"II "That at all times herein mentioned that Diamond Lake Lumber Company was and is an Oregon corporation. The principal officers, stockholders and persons who were in the actual control of said corporation were Loren Palmerton, * * * Richard Newman. * * *. That said Diamond Lake Lumber Company, * * *, was organized, created, controlled and managed to further the personal purposes, uses, aims and to benefit the within named defendants. "III "* * * That said defendants did induce the plaintiff to enter into the said contract with Diamond Lake Lumber Company for the purpose of securing the use and benefit of the plaintiff's assets, credit and reputation, to further the purpose and business of said corporation and to thereby enrich the defendants. That said defendants, while being in control of said Diamond Lake Lumber Company, did thereafter willfully and without just cause for said corporation failed to pay to the plaintiff monies due him, the defendant well knowing that said failure to pay monies due would proximately cause the plaintiff to be unable to meet his current obligations and thereby become bankrupt, thereby depriving the plaintiff of his assets, thereby enriching the Diamond Lake Lumber Company and the defendants and giving to said defendants the benefit of the labor rendered, roads built, services and acts done by the plaintiff. * * *"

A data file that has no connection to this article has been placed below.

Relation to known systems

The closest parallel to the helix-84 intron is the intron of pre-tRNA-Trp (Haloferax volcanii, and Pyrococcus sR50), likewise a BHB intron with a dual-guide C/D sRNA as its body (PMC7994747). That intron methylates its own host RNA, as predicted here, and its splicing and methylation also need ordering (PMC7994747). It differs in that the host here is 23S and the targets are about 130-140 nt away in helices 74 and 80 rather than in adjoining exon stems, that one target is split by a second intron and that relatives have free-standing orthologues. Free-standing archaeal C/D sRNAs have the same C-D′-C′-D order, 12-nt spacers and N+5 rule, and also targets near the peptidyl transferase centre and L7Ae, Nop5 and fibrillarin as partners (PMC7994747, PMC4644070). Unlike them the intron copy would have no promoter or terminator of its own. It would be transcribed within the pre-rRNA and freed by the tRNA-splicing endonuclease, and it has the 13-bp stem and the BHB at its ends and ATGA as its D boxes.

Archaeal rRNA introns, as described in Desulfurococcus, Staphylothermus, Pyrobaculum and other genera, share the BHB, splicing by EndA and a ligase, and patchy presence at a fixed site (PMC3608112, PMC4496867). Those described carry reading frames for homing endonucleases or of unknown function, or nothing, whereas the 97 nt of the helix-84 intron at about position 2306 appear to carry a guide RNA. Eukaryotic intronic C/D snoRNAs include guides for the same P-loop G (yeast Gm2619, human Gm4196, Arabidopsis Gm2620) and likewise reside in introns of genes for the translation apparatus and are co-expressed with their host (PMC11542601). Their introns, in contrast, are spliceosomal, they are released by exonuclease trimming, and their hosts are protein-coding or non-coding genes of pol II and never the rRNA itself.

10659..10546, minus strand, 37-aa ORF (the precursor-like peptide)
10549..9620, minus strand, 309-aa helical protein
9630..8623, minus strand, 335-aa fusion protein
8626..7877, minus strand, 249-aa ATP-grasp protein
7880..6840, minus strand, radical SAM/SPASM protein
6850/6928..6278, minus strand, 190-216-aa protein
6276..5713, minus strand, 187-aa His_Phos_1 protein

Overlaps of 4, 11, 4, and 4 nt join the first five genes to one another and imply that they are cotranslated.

Before it can be determined whether plaintiff's proof was sufficient, it is first necessary to establish the nature and elements of a cause of action in tort for interference with a contract, which is the cause of action plaintiff insists he has. The modern action results from the process by which the reach of several ancient remedies was extended. An ancestor of the cause of action is thought to have been the principle of Roman law which permitted the head of a family to sue for harm done by physical violence to a member of his family or his slave.2 The principle was carried over into early English common law. According to Bracton, an action against the person who injured an attendant or serf was given to a lord to protect his interest in not being deprived of the servant's services.3 Further protection of this sort of interest was deemed necessary when the bubonic plague in the Fourteenth Century created a scarcity of workers. The Ordinance of Laborers4 was enacted, upon which a cause of action was based for the enticing away of another's servants or workmen regardless whether violence was employed. Gradually, any distinction between the common law action and the statutory action disappeared.5 The remedy was limited to recovery for enticement of a dependent member of another's household until 1853 when the case of Lumley v. Gye6 decided that the defendant who persuaded an opera singer to break her contract with an opera company was liable. In 1893, in Temperton v. Russell,7 the cause of action was extended to cover contracts other than those of employment. The defendant in Temperton induced by threats the breach of a contract to furnish building materials.8